WATFORD, ENGLAND - Saturday, February 29, 2020: Liverpool's manager Jürgen Klopp during the pre-match warm-up before the FA Premier League match between Watford FC and Liverpool FC at Vicarage Road. (Pic by David Rawcliffe/Propaganda)

The great Liverpool vintages of the past generally marked the end of one outrageous winning run, by launching straight into the next one. There were also occasions however, where one defeat sparked a domino effect of two or three losses over a four- or five-game span, before stern words and forthright conversations were had.

It will be interesting to see what response this Liverpool vintage has up its sleeve.

A team with as dominant an advantage as the one Liverpool has, can become complacent. As the finish line draws into view, in a title race where the leader has no running mate to speak of, Sat-Nav is liable to go on the blink in the most unexpected manners.

 

Trends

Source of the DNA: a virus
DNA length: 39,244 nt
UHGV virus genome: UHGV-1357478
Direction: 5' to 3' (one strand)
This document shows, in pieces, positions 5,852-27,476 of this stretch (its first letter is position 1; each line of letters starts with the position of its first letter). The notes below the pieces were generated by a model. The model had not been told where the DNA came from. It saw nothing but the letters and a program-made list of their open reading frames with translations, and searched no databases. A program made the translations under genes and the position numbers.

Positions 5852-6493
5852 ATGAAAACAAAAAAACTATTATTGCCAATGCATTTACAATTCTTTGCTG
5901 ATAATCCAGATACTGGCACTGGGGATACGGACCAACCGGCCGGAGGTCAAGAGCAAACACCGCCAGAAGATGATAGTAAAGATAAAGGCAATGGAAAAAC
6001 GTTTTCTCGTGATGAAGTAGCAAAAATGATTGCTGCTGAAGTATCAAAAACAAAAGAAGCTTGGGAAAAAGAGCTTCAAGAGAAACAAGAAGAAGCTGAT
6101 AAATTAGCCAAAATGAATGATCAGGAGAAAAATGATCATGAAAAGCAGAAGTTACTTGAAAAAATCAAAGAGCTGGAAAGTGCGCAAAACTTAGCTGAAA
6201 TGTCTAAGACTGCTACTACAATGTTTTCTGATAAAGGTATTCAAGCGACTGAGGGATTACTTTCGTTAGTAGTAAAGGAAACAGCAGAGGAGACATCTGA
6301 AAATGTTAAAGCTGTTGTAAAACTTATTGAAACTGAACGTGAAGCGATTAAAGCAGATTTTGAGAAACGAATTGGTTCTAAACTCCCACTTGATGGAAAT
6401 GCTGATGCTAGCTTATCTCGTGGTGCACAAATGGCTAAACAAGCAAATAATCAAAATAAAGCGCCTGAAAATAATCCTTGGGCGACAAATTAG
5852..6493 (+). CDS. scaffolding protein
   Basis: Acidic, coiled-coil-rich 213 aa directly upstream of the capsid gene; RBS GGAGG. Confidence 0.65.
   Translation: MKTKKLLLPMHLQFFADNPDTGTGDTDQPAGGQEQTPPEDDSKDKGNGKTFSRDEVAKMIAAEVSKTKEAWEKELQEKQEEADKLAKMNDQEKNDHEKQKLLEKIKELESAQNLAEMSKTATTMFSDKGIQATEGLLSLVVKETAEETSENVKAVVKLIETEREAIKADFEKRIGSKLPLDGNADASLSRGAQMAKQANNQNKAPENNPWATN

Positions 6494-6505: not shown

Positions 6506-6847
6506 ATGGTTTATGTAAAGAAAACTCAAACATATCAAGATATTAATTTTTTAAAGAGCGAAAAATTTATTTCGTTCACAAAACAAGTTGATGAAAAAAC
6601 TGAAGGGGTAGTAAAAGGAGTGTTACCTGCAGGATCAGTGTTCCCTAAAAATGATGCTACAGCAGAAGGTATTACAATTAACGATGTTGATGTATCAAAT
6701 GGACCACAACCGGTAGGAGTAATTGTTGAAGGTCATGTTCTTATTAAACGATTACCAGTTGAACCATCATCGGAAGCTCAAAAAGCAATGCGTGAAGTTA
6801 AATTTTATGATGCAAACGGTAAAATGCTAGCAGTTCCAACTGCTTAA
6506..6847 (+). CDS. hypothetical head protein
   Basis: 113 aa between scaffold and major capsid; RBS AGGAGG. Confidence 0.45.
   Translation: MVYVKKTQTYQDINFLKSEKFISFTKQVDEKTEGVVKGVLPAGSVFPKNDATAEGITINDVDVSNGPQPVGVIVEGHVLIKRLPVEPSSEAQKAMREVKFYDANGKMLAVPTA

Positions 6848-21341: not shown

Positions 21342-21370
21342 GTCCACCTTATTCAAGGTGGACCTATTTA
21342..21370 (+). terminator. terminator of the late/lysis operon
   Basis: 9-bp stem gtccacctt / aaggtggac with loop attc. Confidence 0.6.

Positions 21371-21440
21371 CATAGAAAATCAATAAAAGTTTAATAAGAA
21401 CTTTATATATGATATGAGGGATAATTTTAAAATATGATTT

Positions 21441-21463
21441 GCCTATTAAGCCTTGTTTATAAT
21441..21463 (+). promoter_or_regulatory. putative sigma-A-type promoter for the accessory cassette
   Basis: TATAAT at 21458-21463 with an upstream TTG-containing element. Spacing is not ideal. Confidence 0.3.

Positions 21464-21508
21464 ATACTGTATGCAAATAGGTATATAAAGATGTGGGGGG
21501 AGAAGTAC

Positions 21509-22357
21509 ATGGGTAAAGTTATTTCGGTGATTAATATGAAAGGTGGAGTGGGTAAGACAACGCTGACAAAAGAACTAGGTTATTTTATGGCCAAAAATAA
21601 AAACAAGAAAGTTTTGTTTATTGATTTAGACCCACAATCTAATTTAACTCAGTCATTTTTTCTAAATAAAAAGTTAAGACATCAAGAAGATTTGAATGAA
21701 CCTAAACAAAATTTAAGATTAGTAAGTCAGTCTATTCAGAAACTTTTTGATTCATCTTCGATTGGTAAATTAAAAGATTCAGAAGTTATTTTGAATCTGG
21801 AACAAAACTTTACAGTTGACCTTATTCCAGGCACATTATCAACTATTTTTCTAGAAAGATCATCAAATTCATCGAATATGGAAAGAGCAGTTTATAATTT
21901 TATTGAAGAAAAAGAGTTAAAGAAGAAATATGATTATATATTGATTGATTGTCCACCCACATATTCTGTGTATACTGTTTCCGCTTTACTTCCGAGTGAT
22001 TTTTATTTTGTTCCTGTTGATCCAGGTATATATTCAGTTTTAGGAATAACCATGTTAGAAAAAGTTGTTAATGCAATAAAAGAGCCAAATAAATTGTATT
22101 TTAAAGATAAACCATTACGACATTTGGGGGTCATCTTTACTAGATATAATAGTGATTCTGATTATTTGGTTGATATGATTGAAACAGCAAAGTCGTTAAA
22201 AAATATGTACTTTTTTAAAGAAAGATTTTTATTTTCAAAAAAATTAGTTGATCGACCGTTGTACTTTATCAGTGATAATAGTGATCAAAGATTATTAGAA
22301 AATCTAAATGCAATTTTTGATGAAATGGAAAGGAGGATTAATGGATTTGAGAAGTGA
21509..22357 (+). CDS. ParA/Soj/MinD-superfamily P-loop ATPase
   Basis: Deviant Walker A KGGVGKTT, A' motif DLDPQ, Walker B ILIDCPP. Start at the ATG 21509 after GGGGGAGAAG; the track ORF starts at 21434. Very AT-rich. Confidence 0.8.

WATFORD, ENGLAND - Saturday, February 29, 2020: Watford's Ismaïla Sarr celebrates scoring the second goal during the FA Premier League match between Watford FC and Liverpool FC at Vicarage Road. (Pic by David Rawcliffe/Propaganda)

After the West Ham game, I spoke of how there seemed to be an emerging trend of teams trying to take a more expansive approach against us. For opponents, there seems to be a concept of, what is there to lose, other than a game of football they are expected to lose?

Watford partly adhered to this philosophy on Saturday evening, once they took the lead. Their prize was that they bought a ticket and they won the lottery. Set of balls number six were used, and the machine was Guinevere.